The Taipan is a highly venomous snake, which can be found in the Northern and Eastern regions of Australia. The snake is isolated to this particular region of the globe, but has migrated to as far as New Guinea. The inland Taipan is known to be the most venomous snake in the world, whereby one bite can have enough venom to kill a million mice. Urgent first aid treatment is often required, which guards against the deadly consequences of a bite.
It is essential for humans to avoid all contact with the snake, due to its highly toxic venom. There is a real risk of death when bitten, which is greatly multiplied if there is not sufficient access to professional medical treatment. The Taipian itself is an extremely shy snake, which will avoid any contact with humans. However they will bite if backed into a corner, or when they consider themselves under threat. The Taipan is extremely efficient at administering venom through its bites, which makes it one of the deadliest inland predators on the planet.
The first port of call when bitten is to dial the emergency services (if possible). No one should be fooled into thinking that they can control a bite of this nature, and only professional treatment is proven to save lives. Immobilization will prove the key at this point and will help control the flow of venom. It is widely known that many snake charmers will chop their fingers off when bitten, which rules out the risk of the venom travelling up the arm, and into the blood stream. This is not recommended for the average bite victim, and instead you should always just try to lie completely flat on the ground.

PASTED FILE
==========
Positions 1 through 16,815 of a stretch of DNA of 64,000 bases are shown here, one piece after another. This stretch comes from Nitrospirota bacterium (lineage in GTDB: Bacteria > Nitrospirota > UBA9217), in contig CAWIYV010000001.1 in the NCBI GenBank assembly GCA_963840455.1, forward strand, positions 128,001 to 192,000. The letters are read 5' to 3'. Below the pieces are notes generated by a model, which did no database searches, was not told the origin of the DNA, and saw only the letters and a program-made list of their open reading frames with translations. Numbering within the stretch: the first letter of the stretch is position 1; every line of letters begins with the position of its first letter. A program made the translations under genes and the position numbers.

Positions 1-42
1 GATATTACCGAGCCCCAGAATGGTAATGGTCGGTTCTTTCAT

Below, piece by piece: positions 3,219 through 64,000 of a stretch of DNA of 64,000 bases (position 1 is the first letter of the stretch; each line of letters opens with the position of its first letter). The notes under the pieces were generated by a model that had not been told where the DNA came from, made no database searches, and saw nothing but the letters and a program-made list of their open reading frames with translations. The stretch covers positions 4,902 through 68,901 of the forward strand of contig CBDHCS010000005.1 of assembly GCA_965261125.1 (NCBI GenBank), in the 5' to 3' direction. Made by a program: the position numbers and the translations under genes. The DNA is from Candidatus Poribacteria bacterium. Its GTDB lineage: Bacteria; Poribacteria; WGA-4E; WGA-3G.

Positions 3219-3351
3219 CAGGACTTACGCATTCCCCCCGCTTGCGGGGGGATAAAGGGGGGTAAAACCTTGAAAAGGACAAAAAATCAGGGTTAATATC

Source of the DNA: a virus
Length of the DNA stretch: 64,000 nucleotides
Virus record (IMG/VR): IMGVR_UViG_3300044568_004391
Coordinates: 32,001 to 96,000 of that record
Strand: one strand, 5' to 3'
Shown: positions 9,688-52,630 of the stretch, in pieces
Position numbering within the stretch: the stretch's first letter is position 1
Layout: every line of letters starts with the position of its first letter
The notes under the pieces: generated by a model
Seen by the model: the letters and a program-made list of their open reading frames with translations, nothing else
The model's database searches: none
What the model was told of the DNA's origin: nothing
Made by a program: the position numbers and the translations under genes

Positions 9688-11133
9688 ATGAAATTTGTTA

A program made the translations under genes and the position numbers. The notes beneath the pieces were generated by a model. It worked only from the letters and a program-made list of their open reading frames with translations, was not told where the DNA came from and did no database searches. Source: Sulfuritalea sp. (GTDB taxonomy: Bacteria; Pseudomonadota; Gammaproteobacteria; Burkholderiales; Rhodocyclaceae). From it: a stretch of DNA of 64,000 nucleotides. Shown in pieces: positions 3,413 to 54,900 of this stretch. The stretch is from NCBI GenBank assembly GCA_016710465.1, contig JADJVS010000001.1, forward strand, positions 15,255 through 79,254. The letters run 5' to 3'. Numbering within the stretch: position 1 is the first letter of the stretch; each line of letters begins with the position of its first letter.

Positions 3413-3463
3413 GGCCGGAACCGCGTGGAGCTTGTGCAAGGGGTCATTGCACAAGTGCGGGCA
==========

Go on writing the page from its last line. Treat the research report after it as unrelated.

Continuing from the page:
Whilst waiting for the emergency services it is possible to further reduce the flow of venom by applying the pressure immobilization bandage technique. The aim of this bandage technique is to compress the affected area and its surrounds, which can help reduce the flow of venom towards the heart. A broad fold bandage should be secured below the bite site, and should then be tightly wrapped around the leg / arm; at all points except the finger tips and toes. Further bandages should then be used to secure a splint in place, which should ensure that the casualty doesn't move the affected area.
The most effective way of treating a Taipan bite is through the successful administration of anti-venom. The above pressure immobilization techniques are hugely effective, but cannot completely guard against the venom entering the blood supply. The most significant amount of deaths from the bites occurred prior to the discovery of a successful anti venom. The anti-venom is the only known way of reversing respiratory, muscle and renal dysfunction. Parts of Australia are vastly uninhabited, and the help of the emergency services could in some cases be days away. It is therefore essential that any expeditions / tours of known Taipian territories are accompanied by a plentiful supply of anti-venom.
Bill Casserley is a dedicated first aid instructor, who regularly volunteers at sporting events. Did you know the skills that were outlined in the article? If not then visit the emergency first aid at work course learning zone @ http://www.train-aid.co.uk for free tips.
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